Merck is scheduled to report first-quarter earnings on April 29, and analysts are looking for EPS of 79 cents on revenue of $10.44 billion, both of which are lower than the levels reported a year ago. Part of the reason for the Street’s lowered expectations is that generic competition may be cutting into MRK’s top line, though a strong showing from several other segments of its business could help the stock when the numbers are released.
Dividend Yield: 3.18%
YTD Performance: +0.66%
52-Week Return: +4.74%
Chevron (NYSE:CVX) is one of the largest and most well-known integrated energy companies on the planet and boasts a record of consecutive dividend increases over the last 25 years. On top of the dividend, the biggest factor that makes CVX a smart investment at this time is its future growth prospects.
The company expects to increase its capacity by 20% over the next four years, and while it has been primarily centered on exploring for and producing oil, it’s now branching out into the natural gas space and is either involved in or planning liquefied natural gas drilling operations outside of the U.S. in places like China and Australia. CVX also plans to increase revenues by drilling in the U.S. Permian Basin region (production in the region is expected to double over the course of the decade) and through its Texas-New Mexico project.
Even with such strong growth prospects, CVX trades with a reasonable valuation compared to other energy stocks. With a P/E ratio of 11.2 — compared to Exxon’s (NYSE:XOM) 13.6, its valuation is very enticing. CVX also bests XOM in earnings growth, profitability and dividend growth and dividend yield, which are the metrics that investors will consider when determining which stock is the better buy.
As other countries warm up to the idea of hydraulic fracturing and natural gas in general, Chevron is prepared to move in and accelerate the process, and you should be prepared to profit from the natural gas revolution as well.
Dividend Yield: 3.23%
YTD Performance: +3.38%
52-Week Return: -0.57%
McDonald’s (NYSE:MCD) certainly struggled over the last year, but the stock has actually come into favor in the last few months as capital rotates into names that trade at low valuations. MCD carries a P/E ratio of 18.1 compared to the 28.1 industry average, and investors have taken notice.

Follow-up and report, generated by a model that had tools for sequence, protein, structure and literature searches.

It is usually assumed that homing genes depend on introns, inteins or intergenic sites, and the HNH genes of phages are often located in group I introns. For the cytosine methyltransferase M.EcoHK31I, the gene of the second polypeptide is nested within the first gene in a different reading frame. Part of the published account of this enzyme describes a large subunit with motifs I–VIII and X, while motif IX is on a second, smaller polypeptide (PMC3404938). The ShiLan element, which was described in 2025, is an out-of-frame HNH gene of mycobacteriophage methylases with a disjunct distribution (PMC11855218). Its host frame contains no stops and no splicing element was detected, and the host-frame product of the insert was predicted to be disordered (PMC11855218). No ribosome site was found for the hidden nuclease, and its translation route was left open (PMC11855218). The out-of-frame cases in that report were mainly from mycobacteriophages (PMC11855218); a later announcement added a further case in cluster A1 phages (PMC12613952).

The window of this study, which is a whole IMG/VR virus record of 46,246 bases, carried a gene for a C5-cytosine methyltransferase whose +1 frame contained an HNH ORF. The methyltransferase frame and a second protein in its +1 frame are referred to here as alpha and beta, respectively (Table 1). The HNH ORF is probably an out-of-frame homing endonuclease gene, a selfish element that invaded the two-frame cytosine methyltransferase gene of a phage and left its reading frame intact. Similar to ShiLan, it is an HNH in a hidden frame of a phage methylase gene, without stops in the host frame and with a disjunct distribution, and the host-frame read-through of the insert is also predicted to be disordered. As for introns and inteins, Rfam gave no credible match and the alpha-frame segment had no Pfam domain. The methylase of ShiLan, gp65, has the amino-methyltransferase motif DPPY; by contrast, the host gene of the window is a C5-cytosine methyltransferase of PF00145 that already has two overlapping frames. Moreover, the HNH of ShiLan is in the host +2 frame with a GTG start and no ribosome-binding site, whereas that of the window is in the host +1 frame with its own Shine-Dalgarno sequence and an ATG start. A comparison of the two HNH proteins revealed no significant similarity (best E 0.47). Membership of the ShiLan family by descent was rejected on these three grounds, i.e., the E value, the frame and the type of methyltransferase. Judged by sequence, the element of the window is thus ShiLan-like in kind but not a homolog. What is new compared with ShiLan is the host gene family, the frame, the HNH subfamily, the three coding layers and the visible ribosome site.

MCD reported earnings last week with mixed results. First-quarter revenue came in as expected, at $6.7 billion, but the company missed EPS estimates of $1.24 by three cents. While McDonald’s leads its peers in terms of revenue, its long-term growth prospects lag significantly against Burger King (NYSE:BKW) and Chipotle (NYSE:CMG).
The company is also experiencing pressure from competitor and owner of Taco Bell, Yum Brands (NYSE:YUM), which is trying to lure in more customers with its new “Waffle Taco.” Approximately 25% of MCD’s sales derive from its breakfast menu, a number that YUM is actively trying to decrease.
It’s unlikely that MCD will see the same kinds of growth rates as its newer rivals, but you can earn a solid 3.23% yield from this fairly valued, blue-chip dividend stock if your portfolio can stomach the recent setbacks.
Dividend Yield: 3.25%
YTD Performance: +4.60%
52-Week Return: +6.48%
Pfizer (NYSE:PFE), the world’s biggest pharmaceutical company with a market capitalization of almost $205 billion, has moved up two spots since our last edition of the top Dow dividend stocks.
PFE has garnered a lot of attention from the investment community lately after proposing a $100 billion dollar takeover of London-based biopharmaceutical company AstraZeneca PLC (NYSE:AZN). AZN rejected the offer at first, but PFE is still in pursuit of a deal. If completed, it would be the largest takeover of its kind in history.
The takeover would be advantageous to PFE for several reasons. The company would be able to significantly increase its product line in the areas of oncology and diabetes treatment, and it would also benefit via the distribution channels that AZN already has set up overseas.